Audio Mixing Tips (Compression, Eq, Reverb etc)

mixing desk

Your recordings sound awesome, nothing’s clipped, everything sounds good… on its own.
You feel good, ready to mix… but where do you start?!
Time to make some decisions, you decide to throw a few faders up and guess what? Everything sounds a mess!
Don’t worry we’ve all been there.
Mixing is an art and science and there is no right or wrong way to start mixing a song, or how a song should sound because it all comes down to taste and preference.
Here are a few tips that should get your mixes near to what you hear on the radio and clubs (if that’s the sound you’re after) :

1. Monitoring levels: You only get one set of ears, save them… TURN DOWN YOUR VOLUME KNOB

2. Pull all faders down on your mixer

3. Gain staging: This is important so that all your recordings are peaking at roughly the same dB’s. This will stop you from overloading processing plug ins. A lot of mixers look to peak around -18dBFS.

4. Rough mix: Balance the instruments at the busiest section of the song, (most likely the chorus). This way you can hear what instruments are fighting for space.

5. Creating space: There are a few things you can do to create space in a mix. Panning, EQ, Delay and Reverb.

6. Decide what instruments you want to take the leading role and be upfront in the mix/song. If you’ve got vocals in the song then more than likely they will be upfront in the mix as this is what the listener will be drawn to.

7. The vocals will need to shine and everything else (instruments) is there to support and the vocals.

8. To keep the vocals upfront and present, you’ll probably use a compressor. This is so loud and quiet parts of a performance are consistent in level, and sit nicely in the mix. Nothing worse than trying to hear what the artist is saying so you turn up the volume for them to start singing/rapping loud and make your ears bleed!

9. EQ the vocals if they need it. Most beginner mix engineers feel the need to EQ everything. My advice is to listen to the vocals and instruments together, if there is masking (instruments cashing) then use EQ or panning to separate them.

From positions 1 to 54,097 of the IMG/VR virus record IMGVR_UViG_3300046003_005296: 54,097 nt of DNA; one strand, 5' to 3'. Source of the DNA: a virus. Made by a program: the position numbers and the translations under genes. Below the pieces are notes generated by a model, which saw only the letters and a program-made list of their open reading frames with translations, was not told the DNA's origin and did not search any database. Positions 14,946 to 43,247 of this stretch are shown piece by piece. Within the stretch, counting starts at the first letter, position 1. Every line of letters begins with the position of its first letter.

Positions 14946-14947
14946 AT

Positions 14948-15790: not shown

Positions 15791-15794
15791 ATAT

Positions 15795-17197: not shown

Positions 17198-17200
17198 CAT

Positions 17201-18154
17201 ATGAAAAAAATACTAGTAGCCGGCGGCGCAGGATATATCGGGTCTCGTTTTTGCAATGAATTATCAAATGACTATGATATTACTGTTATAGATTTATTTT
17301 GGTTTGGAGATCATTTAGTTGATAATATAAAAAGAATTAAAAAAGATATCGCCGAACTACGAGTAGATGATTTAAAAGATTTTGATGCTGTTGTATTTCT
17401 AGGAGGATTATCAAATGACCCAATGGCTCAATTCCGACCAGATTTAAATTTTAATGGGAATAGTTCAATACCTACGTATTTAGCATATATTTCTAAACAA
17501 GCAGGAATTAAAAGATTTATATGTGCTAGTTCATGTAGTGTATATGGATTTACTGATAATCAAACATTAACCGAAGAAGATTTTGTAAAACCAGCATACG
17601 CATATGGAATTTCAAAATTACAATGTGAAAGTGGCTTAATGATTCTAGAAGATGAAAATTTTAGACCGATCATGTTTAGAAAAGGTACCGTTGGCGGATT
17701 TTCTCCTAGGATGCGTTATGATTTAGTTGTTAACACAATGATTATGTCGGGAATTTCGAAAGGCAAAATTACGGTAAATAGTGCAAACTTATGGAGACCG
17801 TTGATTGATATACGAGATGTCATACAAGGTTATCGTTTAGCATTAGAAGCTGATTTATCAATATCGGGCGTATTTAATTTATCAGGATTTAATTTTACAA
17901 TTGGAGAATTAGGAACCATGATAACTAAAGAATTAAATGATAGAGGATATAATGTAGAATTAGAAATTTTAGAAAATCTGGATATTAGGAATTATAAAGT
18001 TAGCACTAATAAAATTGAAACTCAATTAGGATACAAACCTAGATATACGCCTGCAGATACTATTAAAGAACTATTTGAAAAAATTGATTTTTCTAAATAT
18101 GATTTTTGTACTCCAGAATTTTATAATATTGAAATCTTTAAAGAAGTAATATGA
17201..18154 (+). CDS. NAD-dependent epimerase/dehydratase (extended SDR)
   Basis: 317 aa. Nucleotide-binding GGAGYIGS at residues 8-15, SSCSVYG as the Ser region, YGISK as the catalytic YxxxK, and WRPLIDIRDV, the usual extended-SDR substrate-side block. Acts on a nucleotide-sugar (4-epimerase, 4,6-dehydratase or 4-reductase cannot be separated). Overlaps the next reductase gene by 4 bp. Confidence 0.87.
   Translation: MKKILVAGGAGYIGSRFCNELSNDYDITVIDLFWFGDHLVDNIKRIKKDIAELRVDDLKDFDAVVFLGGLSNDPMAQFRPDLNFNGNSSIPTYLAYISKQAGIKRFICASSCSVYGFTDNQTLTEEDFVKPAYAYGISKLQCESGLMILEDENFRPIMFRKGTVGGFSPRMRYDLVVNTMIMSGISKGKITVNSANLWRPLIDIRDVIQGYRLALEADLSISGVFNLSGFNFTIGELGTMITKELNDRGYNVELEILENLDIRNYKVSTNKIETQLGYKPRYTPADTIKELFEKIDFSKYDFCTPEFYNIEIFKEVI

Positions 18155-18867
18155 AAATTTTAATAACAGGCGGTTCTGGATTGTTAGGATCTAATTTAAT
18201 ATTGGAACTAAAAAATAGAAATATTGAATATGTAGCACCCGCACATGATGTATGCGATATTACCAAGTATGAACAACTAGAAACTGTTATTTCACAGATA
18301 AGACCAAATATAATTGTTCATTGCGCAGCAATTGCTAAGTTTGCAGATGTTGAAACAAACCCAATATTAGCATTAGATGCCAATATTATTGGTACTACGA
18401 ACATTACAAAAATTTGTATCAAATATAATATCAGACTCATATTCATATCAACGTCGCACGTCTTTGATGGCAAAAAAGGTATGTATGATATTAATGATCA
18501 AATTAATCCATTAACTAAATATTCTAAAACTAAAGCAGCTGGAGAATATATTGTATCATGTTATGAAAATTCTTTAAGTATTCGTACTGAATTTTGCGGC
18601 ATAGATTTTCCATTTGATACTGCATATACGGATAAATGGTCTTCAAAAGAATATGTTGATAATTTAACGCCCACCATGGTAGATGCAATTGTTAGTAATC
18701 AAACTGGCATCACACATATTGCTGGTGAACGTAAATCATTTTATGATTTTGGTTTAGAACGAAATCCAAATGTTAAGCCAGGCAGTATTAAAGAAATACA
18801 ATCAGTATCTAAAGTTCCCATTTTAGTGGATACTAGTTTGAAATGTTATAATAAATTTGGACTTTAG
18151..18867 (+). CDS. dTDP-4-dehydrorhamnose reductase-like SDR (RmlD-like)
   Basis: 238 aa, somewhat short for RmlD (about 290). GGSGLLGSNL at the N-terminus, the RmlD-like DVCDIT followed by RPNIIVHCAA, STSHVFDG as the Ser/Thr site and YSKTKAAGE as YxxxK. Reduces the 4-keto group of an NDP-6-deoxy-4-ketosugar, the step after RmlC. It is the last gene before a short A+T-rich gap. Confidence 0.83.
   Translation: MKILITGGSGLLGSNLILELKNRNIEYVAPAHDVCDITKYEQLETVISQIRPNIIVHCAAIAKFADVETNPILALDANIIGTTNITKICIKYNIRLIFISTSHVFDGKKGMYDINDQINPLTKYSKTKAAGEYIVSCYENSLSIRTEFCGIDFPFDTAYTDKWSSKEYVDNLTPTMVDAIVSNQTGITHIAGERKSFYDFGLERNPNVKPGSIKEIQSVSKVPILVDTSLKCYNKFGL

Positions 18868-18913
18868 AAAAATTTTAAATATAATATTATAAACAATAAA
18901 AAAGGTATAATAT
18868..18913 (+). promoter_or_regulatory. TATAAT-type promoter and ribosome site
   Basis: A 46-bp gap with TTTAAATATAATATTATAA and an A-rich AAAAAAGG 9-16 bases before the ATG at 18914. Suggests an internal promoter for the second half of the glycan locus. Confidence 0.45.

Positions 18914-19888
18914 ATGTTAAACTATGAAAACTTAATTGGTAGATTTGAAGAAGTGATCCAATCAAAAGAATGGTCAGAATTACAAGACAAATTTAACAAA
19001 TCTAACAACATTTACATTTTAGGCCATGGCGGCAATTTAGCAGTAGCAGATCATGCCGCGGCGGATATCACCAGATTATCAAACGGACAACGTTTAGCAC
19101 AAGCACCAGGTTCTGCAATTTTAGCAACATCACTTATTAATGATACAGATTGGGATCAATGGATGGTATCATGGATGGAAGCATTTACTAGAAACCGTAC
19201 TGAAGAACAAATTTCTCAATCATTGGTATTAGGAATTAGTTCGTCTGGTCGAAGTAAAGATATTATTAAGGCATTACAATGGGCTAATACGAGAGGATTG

10. Decide what instruments you want to have the most shine, but be sure to allow the vocals to take centre stage and not get trampled on.

11. If it’s an instrumental then your decision will be what instruments do I want to sound the biggest? Your decision will also be based on what genre/style of music you are mixing. A rock song is mostly focused on Guitars whereas Hip-Hop and Rap focus on big sounding kicks , bass and percussion with the vocals sounding upfront and present.

12. References: This is a good time to pull up a song that has similar instruments that you’ve used. Critically listen to the instruments and how they’ve been treated with processing and panning and use these references as guides.

13. Don’t feel disheartened if your mix doesn’t sound like your referenced song. Bear in mind that these songs have been mastered. If you can get hold of un-mastered tracks than this will definitely help.

14. Another thing to remember when using references is to bring the volume down to around the same level as the song you’re mixing. Loud always sounds better and can be deceiving. By doing this you should have a better perception of balance.

15. Use this time for you to practice and train your ears. Unless you’re extremely gifted it’s going to take time for your mixes to sound like the one’s your using as references.

16. Rules are there to be broken! Happy Mixing 🙂

P.S. If you’d rather focus on making music and would prefer to have someone else mix and master your songs so they sound as good as possible, make sure to check out our Mixing & Mastering Services


If you need any help as a music artist check out our services below.
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